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Boston Underground Film Festival • March 21–25

The Brattle Theatre40 Brattle St., Cambridge MA 02138 • Harvard Square • 617 876-6837 • [email protected]

Film Reviews and Press

Staff Picks for the Week of March 12–18

The Brattle staff have picked a few essential films for you to view this week – see the list after the jump…

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Brattle Film Notes: ‘Paris Was a Woman’

Reviews for ‘Memories of Underdevelopment’

7158“Alternating between immediacy and reflection, fantasy and honesty, lyricism and horror, Memories of Underdevelopment feels like it’s being created before our very eyes.” – Bilge Ebiri, Village Voice

“This audacious, sensual portrait of an alienated intellectual in the early days of Castro’s Cuba, released in 1968, is one of the great movies of its era.” – Michael Sragow, New Yorker

“A stirring blend of narrative fiction, still photography and rare documentary footage.” – Ed Gonzalez, Slant Magazine
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Reviews for ‘Have a Nice Day’

have-a-nice-day-poster-1NYT Critic’s Pick! “Leisurely and deliberate, intelligent and casually cruel, ‘Have a Nice Day’ is a stone-cold gangster thriller.” – Jeannette Catsoulis, New York Times

“This deserves to be an animation arthouse hit to equal Waltz With Bashir, and it was the most politically trenchant and artistically fresh thing in Berlin. With the surface of a Tarantino-esque pulp thriller and the heart of a postmodern political art project.” – The Guardian

“You may have seen some of the worst that humanity has to offer, but you’ve seen it through the fresh, distinct and clarifying vision of a gifted new artist.” – Justin Chang, Los Angeles Times

“Steeped in the realities of modern China, Liu Jian’s bleak pop thriller is a gritty animated gem.” – Robert Abele, The Wrap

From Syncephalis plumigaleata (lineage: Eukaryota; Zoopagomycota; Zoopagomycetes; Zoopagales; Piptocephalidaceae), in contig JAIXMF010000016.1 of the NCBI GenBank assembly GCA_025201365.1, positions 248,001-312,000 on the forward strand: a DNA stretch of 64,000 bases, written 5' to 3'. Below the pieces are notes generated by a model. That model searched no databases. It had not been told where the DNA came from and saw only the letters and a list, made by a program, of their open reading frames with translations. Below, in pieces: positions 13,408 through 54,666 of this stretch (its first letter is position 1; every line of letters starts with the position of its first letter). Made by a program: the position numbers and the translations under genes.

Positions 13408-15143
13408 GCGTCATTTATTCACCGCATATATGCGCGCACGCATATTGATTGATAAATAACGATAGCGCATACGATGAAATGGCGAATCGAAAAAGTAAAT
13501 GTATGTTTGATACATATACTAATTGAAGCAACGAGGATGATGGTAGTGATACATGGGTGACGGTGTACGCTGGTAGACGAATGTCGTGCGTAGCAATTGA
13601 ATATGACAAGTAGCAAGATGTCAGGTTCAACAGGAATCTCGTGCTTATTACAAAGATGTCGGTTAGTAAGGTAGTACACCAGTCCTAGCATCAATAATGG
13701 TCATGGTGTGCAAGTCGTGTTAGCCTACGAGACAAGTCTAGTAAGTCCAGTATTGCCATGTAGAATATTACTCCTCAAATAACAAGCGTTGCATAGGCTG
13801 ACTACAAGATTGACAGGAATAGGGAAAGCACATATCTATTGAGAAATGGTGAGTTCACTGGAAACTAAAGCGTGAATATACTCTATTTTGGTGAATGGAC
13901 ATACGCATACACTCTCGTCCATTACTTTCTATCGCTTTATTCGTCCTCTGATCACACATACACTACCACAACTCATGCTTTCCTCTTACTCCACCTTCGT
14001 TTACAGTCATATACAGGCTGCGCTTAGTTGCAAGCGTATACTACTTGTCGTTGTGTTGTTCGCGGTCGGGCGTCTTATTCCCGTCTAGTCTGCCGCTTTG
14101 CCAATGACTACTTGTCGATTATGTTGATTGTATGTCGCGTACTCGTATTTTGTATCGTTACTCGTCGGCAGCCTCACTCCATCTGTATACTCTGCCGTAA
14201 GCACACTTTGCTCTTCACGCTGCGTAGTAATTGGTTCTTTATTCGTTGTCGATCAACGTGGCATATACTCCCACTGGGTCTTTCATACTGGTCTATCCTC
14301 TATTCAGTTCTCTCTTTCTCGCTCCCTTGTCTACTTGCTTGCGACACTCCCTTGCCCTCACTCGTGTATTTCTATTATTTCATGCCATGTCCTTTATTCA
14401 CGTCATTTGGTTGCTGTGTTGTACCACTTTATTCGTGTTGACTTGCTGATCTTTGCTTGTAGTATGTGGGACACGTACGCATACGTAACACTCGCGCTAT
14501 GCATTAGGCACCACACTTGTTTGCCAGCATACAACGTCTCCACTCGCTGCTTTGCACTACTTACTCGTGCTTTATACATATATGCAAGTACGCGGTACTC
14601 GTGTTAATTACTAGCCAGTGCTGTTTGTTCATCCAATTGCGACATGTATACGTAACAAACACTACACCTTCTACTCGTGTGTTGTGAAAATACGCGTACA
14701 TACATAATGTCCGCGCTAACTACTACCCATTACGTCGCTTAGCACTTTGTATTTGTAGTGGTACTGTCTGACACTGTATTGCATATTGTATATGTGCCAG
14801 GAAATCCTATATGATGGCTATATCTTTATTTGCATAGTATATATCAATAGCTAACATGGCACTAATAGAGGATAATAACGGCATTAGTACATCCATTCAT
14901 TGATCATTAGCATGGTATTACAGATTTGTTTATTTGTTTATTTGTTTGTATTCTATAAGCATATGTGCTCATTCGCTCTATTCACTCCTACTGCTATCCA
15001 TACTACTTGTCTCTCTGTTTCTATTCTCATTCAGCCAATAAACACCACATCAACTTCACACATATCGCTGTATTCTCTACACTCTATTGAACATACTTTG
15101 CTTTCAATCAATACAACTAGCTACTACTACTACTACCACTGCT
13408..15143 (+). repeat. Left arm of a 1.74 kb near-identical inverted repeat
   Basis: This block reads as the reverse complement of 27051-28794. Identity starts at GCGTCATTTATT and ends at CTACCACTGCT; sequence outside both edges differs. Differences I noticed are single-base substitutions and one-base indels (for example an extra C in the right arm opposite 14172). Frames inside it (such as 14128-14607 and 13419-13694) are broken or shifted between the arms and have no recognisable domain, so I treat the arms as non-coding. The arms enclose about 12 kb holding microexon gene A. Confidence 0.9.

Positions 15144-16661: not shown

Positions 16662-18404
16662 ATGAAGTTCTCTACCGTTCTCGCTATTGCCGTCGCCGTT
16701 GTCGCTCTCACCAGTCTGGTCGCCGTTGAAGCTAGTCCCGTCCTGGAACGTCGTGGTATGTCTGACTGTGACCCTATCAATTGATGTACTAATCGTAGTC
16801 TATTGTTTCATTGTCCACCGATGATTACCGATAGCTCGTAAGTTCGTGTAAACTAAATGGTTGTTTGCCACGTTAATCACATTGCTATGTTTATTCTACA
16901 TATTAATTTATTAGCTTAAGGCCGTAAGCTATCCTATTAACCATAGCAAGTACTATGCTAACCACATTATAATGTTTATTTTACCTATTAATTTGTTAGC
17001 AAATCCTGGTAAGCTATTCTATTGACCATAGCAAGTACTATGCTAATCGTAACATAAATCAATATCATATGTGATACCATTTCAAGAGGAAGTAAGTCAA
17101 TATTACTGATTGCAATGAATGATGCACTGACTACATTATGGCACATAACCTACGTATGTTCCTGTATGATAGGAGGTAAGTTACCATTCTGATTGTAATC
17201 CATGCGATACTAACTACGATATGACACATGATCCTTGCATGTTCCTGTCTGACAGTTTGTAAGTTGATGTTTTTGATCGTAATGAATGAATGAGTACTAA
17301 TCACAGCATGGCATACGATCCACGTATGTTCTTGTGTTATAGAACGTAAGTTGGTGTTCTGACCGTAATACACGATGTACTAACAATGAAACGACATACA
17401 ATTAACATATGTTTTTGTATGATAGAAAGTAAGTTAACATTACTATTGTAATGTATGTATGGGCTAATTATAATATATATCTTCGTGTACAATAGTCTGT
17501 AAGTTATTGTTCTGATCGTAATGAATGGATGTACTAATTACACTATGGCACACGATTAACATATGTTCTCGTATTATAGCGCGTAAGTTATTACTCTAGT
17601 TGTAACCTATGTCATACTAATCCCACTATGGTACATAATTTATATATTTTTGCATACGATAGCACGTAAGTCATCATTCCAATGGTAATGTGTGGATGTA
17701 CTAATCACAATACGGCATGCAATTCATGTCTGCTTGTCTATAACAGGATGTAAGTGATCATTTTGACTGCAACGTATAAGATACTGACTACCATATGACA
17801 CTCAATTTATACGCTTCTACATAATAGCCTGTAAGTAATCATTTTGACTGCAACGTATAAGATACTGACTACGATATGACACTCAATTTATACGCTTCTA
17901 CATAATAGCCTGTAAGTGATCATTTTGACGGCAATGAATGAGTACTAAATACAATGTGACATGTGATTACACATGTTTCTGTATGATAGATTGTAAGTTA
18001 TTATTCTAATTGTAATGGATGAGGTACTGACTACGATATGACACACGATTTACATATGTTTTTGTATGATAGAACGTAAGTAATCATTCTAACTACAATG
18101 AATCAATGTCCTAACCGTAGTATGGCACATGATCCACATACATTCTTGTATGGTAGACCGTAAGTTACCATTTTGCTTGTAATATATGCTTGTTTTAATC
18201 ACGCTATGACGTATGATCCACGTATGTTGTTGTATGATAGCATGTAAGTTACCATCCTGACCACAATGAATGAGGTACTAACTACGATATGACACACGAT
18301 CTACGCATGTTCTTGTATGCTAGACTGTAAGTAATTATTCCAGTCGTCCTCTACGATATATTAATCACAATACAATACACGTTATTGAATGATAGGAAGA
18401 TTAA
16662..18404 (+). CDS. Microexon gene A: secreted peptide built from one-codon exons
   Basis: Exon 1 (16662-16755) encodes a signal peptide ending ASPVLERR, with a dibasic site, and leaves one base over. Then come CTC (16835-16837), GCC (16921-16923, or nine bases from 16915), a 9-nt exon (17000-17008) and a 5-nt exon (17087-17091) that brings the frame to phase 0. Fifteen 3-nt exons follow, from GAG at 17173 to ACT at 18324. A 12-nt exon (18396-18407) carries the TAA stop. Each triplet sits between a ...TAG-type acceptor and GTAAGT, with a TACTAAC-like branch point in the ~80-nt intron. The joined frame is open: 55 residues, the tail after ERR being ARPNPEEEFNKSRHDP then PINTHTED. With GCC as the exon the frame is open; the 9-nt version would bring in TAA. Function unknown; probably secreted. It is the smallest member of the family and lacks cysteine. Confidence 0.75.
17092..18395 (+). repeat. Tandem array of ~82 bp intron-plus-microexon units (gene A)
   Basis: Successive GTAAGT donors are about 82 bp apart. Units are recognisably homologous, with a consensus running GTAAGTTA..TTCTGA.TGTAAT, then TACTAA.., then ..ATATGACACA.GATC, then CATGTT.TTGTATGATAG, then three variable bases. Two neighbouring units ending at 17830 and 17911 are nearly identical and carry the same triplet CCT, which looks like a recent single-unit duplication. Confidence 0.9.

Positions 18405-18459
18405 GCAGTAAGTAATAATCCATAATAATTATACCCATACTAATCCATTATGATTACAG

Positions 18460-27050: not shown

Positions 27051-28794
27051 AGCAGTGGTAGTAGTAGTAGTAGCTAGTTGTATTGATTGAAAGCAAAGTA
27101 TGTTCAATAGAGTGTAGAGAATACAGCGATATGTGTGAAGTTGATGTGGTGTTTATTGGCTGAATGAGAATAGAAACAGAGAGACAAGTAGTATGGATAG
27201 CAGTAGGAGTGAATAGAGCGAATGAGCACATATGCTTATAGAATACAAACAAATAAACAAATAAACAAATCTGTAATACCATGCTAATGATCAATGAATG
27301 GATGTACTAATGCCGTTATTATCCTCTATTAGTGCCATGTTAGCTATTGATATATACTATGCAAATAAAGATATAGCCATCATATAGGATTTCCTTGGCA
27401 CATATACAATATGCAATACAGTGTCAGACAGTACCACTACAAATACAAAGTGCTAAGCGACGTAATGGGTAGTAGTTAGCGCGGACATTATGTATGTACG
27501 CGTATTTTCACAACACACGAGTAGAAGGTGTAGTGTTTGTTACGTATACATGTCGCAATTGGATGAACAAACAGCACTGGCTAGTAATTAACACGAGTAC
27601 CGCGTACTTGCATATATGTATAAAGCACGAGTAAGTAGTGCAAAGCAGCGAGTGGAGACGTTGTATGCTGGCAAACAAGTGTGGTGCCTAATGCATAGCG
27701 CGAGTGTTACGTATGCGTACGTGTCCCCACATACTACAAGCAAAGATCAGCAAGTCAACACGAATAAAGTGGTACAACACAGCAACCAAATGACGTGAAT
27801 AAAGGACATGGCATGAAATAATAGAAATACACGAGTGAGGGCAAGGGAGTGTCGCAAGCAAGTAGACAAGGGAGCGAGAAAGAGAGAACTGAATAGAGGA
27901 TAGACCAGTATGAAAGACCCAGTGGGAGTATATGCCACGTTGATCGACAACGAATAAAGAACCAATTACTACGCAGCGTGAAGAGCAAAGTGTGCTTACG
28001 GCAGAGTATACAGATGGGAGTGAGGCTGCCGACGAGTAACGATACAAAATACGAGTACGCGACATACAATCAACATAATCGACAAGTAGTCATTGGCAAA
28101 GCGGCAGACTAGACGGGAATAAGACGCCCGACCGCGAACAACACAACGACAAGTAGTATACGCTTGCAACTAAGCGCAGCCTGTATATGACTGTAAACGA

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Reviews for ‘A Matter of Life and Death’

a-matter-of-life-and-death-poster-0“Asked to make a film promoting Anglo-American goodwill, Powell & Pressburger (The Red Shoes) soared into otherworldly whimsical fantasy, moving from the great Jack Cardiff’s Technicolor-drenched Earthly photography (more dazzling than ever in this new restoration), to a grandiose celestial trial with Raymond Massey as Niven’s snarling prosecutor, in glorious pearly hued black & white.” – Film Forum, NYC

★★★★ “One of the most audacious films ever made.” – Roger Ebert

“Romantic, daring and beautiful.” – Martin Scorsese

★★★★★ “Essential viewing.” – The Times (UK)
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Film Notes: The Future’s Not Set: “Strange Days” and the 90’s Cyber Thriller

Film Notes: The Violent Discord of ‘A Clockwork Orange’

Reviews for ‘BPM (Beats Per Minute)’

bpm-poster-1“‘BPM (Beats per Minute)’ is about a movement and a moment and the people in it, and it’s also about two faces in the throng and the alchemy that draws them together. The movie’s a social history, a love story, and a call to arms. It’s very sad and it’s very good.” – Ty Burr, Boston Globe

“‘Beats Per Minute’ is the best film opening in Boston today.” – James Verniere, Boston Herald

“In spite of its historical specificity, BPM never feels like a bulletin from the past. Its immediacy comes in part from the brisk naturalism of the performances and the nimbleness and fluidity of the editing. The characters are so vivid, so real, so familiar that it’s impossible to think of their struggles — and in some cases their deaths — as unfolding in anything but the present tense.” – A.O. Scott, The New York Times
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Reviews for ‘Thelma’

thelma-poster-1“Trier torques the narrative tension masterfully, offering glimpses of the natural world (a snake slithering through grass, fish frozen in a winter pond) that are as unsettling as his flashes of action are electric. Thelma doesn’t play with pig’s blood and jump scares; its dreamlike dread is subtler and stranger, and much harder to shake. A-“ – Leah Greenblatt, Entertainment Weekly

“A moody, mannered, and lingering coming-of-age story with a Stephen King-like twist.” – Peter Keough, Boston Globe

“An expertly effective genre exercise that only occasionally feels like an exercise. A lot of the time it feels like an exorcism.” – Sean M. Burns, The ARTery

“Thelma’s story sticks to your bones like a shiver, and sinks deeper for days after the credits have rolled.” – David Ehrlich, Indiewire

“As a hushed, haunting portrait of a young woman reconciling daughterly duty and her own incipient power, “Thelma” feels like a stylish, timely allegory for the present moment.” – Ann Hornaday, Washington Post
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Film Notes – ‘Thelma’: The Allure and Abhorrence of Coming of Age

The DocYard presents RAILWAY SLEEPERS • Monday, March 26 at 7:00

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